Blind Spot: "Having a seat at the conference table is not the same as having a voice," says Ghela Boskovich, the director of global business development for Zafin and founder of FemTechGlobal. "Despite being half of the population, women are not given equal representation in banking in print, on the conference stage, in executive leadership, in product development, in strategy or in the boardroom." The first step to ending sexism in banking is recognizing male privilege and unconscious bias, she says. It's a blind spot for men, who don't realize how much they benefit while their female counterparts' advancement and contributions remain limited. "Unequal representation is so normalized that any woman applying for a leadership role is regarded as aberrant or exceptional," Boskovich says. Women who help promote other women are penalized on their performance reviews, while men who value diversity actually get a bump up in their reviews, she adds.
Corporate Climate Change: Just like climate change, it is impossible to deny the gender bias in banking, says Sam Maule, director and senior practice lead of digital and fintech at NTT Data Americas and creator of FemTech Leaders. But denial is rampant on both of those issues nonetheless. He writes about three patterns of discrimination he has found most common in banking: that which "comes with the territory;" the cases where women are "too busy or too focused on their career to be bothered by" gender bias; and the deeply and blatantly sexist trolls that live among us.
Tech Talks: To ensure that women are included in digital banking's future, the fintech industry must reach girls before college, says Yolande Piazza, chief operating officer for Citi FinTech. "Many of the students we talk to in the schools — who plan to go to colleges and universities — had never thought about studying engineering or computer science simply because of a lack of exposure to what a job in that field really means," she says. However, interest in pursuing tech careers rose 21% among girls in a Citi program that provides mentoring and internships in IT to high school students, Piazza says.
In a big shake-up of top executives at Wells Fargo — one that seems to get even bigger with each passing day — Avid Modjtabai moved up to become the head of a newly created unit that combines the innovation group with corporate payments and some consumer banking operations. Her group, called the Payments, Virtual Solutions and Innovation unit, will focus on digital and online offerings, investments in research and development, and strategic partnerships. Seven business lines, including consumer credit cards and treasury management, now report to Modjtabai, who was previously head of consumer lending. In addition, three new people were added to the company's operating committee, including Mary Mack, who had been named the head of community banking this summer. News of those changes came out just before Wells' Chairman and Chief Executive John Stumpf decided Wednesday to step down immediately in an effort to quell the firestorm over phony account openings. Wells reports third-quarter earnings Friday, and new CEO Tim Sloan will be on the hot seat.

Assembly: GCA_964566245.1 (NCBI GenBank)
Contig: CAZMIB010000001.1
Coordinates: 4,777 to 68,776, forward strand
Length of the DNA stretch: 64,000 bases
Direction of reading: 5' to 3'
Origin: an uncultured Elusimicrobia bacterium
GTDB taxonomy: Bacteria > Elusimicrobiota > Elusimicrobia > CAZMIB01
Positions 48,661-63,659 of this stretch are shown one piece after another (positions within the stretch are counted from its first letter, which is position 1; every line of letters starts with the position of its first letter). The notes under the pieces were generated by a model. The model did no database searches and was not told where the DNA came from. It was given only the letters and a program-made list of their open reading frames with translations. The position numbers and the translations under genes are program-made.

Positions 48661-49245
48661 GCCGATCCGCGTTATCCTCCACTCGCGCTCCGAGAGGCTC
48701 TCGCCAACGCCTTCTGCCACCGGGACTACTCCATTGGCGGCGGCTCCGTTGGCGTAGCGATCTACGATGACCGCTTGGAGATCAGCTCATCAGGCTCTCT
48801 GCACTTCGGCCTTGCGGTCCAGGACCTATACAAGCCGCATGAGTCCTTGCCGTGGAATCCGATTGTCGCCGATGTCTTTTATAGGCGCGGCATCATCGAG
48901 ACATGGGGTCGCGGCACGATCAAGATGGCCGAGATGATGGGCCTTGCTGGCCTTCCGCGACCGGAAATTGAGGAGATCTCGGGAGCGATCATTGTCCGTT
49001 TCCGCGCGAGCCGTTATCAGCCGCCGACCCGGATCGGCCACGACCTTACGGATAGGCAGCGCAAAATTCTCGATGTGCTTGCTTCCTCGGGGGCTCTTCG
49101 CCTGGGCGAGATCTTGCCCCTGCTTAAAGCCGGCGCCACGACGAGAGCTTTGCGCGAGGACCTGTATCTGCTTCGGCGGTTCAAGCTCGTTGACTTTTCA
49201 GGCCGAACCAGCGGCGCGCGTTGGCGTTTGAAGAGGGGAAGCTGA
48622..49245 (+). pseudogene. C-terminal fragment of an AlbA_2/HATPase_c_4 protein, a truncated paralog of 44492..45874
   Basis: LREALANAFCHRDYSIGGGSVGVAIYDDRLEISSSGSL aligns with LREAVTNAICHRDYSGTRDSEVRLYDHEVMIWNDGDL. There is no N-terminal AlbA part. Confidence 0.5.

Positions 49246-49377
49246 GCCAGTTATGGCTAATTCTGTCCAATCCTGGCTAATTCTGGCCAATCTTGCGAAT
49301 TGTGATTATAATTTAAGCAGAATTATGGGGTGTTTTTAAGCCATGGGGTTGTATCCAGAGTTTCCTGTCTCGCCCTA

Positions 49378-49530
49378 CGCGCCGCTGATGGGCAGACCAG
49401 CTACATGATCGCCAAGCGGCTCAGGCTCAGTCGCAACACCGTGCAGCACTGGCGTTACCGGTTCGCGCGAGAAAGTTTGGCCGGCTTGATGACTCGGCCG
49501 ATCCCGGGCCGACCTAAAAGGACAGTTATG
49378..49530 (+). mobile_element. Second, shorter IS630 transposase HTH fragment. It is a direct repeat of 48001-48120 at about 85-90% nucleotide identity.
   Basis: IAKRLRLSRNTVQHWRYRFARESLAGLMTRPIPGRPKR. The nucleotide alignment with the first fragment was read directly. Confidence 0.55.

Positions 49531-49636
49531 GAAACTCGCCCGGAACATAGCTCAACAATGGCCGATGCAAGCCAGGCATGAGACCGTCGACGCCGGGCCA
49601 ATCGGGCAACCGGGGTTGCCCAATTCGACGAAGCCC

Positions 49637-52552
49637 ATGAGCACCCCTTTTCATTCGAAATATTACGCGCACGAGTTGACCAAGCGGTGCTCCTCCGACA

Carrie Tolstedt has left Wells Fargo, rather than continue working through yearend as initially planned. She will forgo all unvested stock, about $19 million in value, and agreed not to cash in outstanding options while an internal review of the cross-selling scandal is underway. Neither Tolstedt nor Stumpf will receive a bonus for this year.
Debbie Matz, the former chairman of the National Credit Union Administration, has joined the board of Mutual of Omaha Bank in Nebraska.
Eastern Bank in Boston has named Kathleen Henry general counsel and secretary. She was previously general counsel at Plymouth Rock Assurance.
The founder of Summit Bank in Oakland, Calif., Shirley Nelson, has become the chairman and dropped her CEO role.